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Ninja Gaiden 3
Ninja Gaiden 3

PlayStation 3 | Xbox 360
Genre: Action Players: 1 to 0
Developer: Team Ninja Official Site:
Publisher: Tecmo Classification: MA15+
Release Date:
22nd March 2012
Ninja Gaiden 3 Review
Review By @ 02:30pm 22/03/12
Say what you will about motion controls—and, let’s be honest, that usually tends to evoke negative connotations—there is one awesome thing about motion-controlled games that has yet to be properly mastered. Motion-controlled games are, unfortunately, more shovelware than total control, when all we really want to validate their inception is to feel like a Jedi Knight, a buccaneering pirate or a totally freakin’ ninja.

What Treyarch (yes, that Treyarch) trailblazed with their debut title Die by the Sword—a game that offered full control over your sword arm via the VSIM control system—has yet to be offered up to gamers in a palatable form. Motion-control games lend themselves to this, and Ninja Gaiden 3 had the opportunity to let you slice and dice your way through an army of soon-to-be-meat, but it falls well short of this hope.

First and foremost, the Move controls can only be used on the lower difficulty levels, which essentially summarises their usefulness. Like far too many motion-control games, you don’t actually have to mimic the on-screen prompts to perform on-screen slashes. Instead, you can lazily waggle the Move controller to boringly carve your way from A to B. To disappoint matters further, there are only a few supported Move gestures, anyway, so it’s best to pick up a traditional controller.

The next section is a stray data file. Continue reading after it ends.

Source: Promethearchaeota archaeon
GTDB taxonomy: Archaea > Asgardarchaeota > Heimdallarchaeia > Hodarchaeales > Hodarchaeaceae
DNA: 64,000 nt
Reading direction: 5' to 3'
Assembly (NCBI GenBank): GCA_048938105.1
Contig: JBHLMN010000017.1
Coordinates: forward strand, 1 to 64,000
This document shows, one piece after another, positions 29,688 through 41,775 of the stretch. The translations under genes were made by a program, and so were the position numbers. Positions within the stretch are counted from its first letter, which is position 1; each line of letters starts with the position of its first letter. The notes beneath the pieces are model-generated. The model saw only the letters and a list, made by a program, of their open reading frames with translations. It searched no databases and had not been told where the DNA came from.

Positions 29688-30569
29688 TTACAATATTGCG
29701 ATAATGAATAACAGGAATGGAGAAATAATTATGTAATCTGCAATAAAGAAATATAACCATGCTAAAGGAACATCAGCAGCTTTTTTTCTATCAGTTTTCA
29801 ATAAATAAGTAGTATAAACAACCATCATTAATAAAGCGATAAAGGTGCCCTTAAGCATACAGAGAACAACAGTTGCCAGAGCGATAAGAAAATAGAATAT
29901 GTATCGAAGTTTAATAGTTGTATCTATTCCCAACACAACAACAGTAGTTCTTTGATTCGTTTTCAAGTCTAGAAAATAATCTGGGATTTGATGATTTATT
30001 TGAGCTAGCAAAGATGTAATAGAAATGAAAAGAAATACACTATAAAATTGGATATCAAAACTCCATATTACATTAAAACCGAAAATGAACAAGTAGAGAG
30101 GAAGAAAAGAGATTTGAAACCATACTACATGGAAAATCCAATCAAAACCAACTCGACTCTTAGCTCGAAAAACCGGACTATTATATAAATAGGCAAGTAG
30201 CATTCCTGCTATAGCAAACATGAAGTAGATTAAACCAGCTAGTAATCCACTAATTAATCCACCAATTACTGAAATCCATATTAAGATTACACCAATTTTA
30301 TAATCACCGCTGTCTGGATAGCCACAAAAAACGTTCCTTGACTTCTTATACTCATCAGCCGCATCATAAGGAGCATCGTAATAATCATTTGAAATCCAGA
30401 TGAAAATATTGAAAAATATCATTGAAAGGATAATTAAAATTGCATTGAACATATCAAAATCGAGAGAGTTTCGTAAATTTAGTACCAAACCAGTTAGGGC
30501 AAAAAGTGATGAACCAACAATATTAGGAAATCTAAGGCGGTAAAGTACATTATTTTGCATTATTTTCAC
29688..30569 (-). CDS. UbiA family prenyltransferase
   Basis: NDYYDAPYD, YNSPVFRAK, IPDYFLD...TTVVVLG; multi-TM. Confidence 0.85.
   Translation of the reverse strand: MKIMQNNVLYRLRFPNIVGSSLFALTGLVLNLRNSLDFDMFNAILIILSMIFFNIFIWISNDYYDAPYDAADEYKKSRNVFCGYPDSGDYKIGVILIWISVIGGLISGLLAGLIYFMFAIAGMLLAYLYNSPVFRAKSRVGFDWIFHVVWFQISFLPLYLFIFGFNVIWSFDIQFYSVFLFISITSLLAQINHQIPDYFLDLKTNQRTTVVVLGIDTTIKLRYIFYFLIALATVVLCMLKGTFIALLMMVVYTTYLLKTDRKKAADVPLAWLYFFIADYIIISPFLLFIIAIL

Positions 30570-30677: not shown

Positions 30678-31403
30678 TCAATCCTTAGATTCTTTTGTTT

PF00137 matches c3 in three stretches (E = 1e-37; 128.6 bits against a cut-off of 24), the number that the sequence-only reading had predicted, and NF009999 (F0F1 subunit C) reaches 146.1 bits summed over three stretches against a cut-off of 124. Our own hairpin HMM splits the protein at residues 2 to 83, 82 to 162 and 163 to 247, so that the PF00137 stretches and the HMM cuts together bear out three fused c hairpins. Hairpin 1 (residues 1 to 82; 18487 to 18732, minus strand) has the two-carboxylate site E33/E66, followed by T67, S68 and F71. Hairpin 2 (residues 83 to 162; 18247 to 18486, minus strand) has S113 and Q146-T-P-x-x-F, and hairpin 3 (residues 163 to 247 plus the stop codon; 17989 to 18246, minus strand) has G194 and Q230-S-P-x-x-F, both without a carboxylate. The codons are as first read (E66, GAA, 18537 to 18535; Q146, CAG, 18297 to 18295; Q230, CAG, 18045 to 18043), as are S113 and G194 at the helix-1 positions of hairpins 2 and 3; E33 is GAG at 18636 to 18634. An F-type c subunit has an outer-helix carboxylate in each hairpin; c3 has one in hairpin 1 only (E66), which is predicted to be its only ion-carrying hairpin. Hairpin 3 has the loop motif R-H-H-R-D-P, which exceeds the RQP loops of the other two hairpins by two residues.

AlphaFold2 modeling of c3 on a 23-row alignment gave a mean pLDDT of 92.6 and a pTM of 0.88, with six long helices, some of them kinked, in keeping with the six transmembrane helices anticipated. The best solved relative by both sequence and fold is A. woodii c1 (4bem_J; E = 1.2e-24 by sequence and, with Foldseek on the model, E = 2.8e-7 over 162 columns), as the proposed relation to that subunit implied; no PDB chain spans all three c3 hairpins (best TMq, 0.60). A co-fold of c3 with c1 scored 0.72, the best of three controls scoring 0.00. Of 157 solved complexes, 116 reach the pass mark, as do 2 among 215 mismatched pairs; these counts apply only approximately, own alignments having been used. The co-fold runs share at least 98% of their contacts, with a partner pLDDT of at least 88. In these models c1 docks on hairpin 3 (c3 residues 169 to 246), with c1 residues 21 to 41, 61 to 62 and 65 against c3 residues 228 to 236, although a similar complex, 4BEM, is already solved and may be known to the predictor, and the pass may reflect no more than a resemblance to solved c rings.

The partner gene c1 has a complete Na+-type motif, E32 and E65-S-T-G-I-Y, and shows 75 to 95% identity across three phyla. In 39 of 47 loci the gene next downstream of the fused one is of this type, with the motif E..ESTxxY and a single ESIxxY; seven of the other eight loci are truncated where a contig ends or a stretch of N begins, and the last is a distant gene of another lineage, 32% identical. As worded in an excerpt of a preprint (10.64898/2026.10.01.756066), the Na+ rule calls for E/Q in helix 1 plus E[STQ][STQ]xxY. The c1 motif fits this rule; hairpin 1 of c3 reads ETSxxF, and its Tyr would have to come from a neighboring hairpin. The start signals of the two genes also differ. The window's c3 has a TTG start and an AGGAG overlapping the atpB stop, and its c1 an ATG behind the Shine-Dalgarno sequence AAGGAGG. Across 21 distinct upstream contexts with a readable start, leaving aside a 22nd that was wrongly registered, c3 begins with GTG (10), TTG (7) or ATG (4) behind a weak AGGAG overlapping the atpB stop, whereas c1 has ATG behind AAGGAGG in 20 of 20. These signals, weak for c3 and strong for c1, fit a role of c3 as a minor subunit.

Thankfully, Ninja Gaiden 3 has a lot to offer beyond the disappointing Move integration once you are armed with a controller. Players will once again step into the sneaky boots of master assassin Ryu Hyubusa as his services are enlisted to protect the world from the usual world domination shtick. Along the way, he’ll carve his way through a whole lot of carbon-based life forms and Team Ninja will try to make you interested in the plight of a man whose body count puts all 80s action films to shame.

For me, this emotional engagement with Ryu didn’t really gel, but then I’ve never been a die-hard fan of the series, and it seemed more like it was aimed at devotees than visitors to the Ninja Gaiden world. There were moments when it almost worked—such as an instance where the last surviving peon pleads for his life, takes off his balaclava and mentions his family; but the option to spare the man was non-existent, removing any emotional weight from the scenario.

But despite Team Ninja’s attempts at emotional engagement, Ninja Gaiden’s depth isn’t located in the storyline; it’s found in the spleen of your thousandth victim. Much like the Move controls, controller-based combat is incredibly easy to come to grips with. The chances are good that you’ll master the combination of two main sword attacks, blocking, evading and ninja stars 10-minutes into the game.

What you won’t necessarily master until well into the game is the expert handle you’ll need on timing. Forget the game on Hero (read: casual) difficulty: on this mode you could quite literally button mash your way from start to finish. On Normal difficulty you’ll start to notice the challenge the more you get into the game, while Hard mode is there for those who dug the Demon’s Souls-type challenge of the preceding titles.

I bested a lot of fights on the first or second try. But the combat difficulty ramped up significantly at about the halfway point. That’s not to say that the learning curve was disproportionate to the chronology of the campaign; it’s more a case of learning to combine quick reaction times with pattern recognition.

The AI isn’t terribly bright, and many of the peons are there as reskinned fodder designed to show off the Kill Bill-type blood spray when you slice them up; even if the dismemberment of Ninja Gaidens gone by has been removed. But even grunts in large numbers can be enough to force you to be more tactical in your approach to combat. Throw in some ranged rocket launcher-wielding foes, and combat scenarios can go from handled to hectic in a breath.